Choice... you must choose to avoid generalization and welcome the exploration of the unknown. It takes work, but you will be rewarded. Don't be like the American tourist who goes to Paris and dines on hamburgers. Life is too short to be stunted.

And last, humility...you must accept that you are not perfect. We all fall into the trap of generalizations and prejudice from time to time. You must resist it by being willing to examine yourself and work to correct the flaws you find. And you must be willing to extend the grace you give yourself to others...the freedom to be who they are, not some caricature of your fears. As you want to be treated you must treat others. Would you like to be judged based on the bad behavior of someone who looks or dresses or worships as you do? No? Then don't do it to others. It's as simple as that

Sunday, September 12, 2010


Yesterday was a day to remember. Sept 11th will always be day to remember. But what exactly are we remembering and what do we often forget to remember? And what do we do with what we remember? If we only remember the historical event-pictures,video,names and faces and actions/reactions -we are simply historians. If we remember only the pain and anger, the shock and sorrow, we are simply grieving. If we act in revenge and hatred, reacting against real and perceived enemies, we are in danger of simply continuing a cycle of violence that only breeds more violence, death and destruction.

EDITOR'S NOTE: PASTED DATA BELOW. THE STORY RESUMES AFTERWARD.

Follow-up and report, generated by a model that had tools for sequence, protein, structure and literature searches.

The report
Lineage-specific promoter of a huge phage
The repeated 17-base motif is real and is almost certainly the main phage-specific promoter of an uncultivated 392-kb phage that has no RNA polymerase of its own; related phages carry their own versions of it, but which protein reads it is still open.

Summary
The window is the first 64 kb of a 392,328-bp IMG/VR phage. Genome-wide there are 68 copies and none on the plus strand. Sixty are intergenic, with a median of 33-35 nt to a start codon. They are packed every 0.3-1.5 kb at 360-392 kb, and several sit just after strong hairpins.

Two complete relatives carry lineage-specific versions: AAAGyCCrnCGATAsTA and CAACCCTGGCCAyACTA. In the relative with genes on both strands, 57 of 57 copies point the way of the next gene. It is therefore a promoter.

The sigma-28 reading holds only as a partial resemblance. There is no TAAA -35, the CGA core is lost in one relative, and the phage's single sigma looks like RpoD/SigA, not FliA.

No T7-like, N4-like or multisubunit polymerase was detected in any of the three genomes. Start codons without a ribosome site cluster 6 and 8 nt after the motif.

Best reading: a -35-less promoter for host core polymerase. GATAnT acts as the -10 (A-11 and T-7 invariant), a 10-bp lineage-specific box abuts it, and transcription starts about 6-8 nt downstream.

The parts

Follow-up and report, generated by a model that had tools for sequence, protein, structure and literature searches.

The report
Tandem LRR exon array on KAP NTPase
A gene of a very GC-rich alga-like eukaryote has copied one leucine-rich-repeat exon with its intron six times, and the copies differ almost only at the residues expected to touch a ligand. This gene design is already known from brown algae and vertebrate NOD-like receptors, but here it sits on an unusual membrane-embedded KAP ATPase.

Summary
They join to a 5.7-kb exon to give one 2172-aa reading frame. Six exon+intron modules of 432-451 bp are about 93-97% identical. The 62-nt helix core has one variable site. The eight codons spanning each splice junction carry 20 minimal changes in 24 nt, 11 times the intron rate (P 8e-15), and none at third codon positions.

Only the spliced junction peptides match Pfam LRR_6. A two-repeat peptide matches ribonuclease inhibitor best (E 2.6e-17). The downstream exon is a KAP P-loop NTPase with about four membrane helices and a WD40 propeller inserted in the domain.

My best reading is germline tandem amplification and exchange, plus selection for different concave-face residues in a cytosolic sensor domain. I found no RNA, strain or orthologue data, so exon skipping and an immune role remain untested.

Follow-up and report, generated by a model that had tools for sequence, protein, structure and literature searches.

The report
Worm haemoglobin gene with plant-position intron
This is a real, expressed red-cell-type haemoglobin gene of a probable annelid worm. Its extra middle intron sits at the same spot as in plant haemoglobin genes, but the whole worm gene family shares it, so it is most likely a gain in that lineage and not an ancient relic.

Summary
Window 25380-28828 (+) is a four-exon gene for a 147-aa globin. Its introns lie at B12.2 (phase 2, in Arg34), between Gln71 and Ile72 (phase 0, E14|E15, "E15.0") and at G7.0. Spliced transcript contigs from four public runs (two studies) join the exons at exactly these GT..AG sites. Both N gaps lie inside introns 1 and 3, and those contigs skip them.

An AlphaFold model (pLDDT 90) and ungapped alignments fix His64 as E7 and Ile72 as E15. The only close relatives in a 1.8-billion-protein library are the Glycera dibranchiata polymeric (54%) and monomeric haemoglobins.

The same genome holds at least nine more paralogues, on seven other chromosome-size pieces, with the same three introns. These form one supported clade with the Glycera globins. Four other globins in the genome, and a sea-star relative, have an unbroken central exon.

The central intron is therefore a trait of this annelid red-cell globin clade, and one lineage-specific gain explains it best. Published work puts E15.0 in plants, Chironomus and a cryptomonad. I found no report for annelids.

We must remember more. Calling for justice is important, but calling for and contributing to healing is even better. And it extends around the world. We tend to think that war is the only real way to deal with problems we see in the world. We react to conflict instead of being proactive to diffuse situations that can lead to conflict. We pick sides instead of separating the sides and insisting that both sides sit down and talk. We look down on diplomacy as less manly,as giving in. I think sometimes we just like fighting too much.

Look at our dealings with Latin America. How many times over the past century-plus have we intervened in one country or other, always blaming outside forces - like the Soviets mostly - for the trouble? And we ignore the base issues - land distribution and discrimination both racially and economically - that are often fueling the conflict. We have supported many terrible leaders simply because they were "anti-communist" and enraged those they were oppressing.

Our actions in the Middle East have not been much better, fueled by a "stop the Soviets at any cost" mentality...and the effects have lingered far beyond the fall of the USSR. We have chosen sides instead of choosing the pursuit of peace and it has cost us nearly.

But the most important thing to remember is: Remember who we are. Remember what our values are, what makes us different from the extremists who value violence above all. Remember that we have a call to "seek peace and pursue it", a mandate to "do unto others as you would have them do unto you", and a simple mantra "what does the Lord require of thee, but to do justice, love mercy, and walk humbly before thy God". Those are the high points of faith, not judgment and revenge.

As Americans we say we value freedom to speak, to worship, yet in these days many are denouncing and demonizing those who choose to worship differently. We take the crimes of a small deranged minority of one religion and use that to proclaim the whole religion and its followers guilty. And we proclaim that they must "prove" their innocence. This is unAmerican and hateful. This is contrary to all that we profess to believe.

Remember, yes I remember where I was and what I was doing when the towers got hit and when they fell, and I will never forget that. But more importantly I remember who I am , both as an American and as a believer in Christ, and I will never forget that either. This is a legacy of my parents that I strive to live out every day. This is who I am. Who are you? And what will you remember?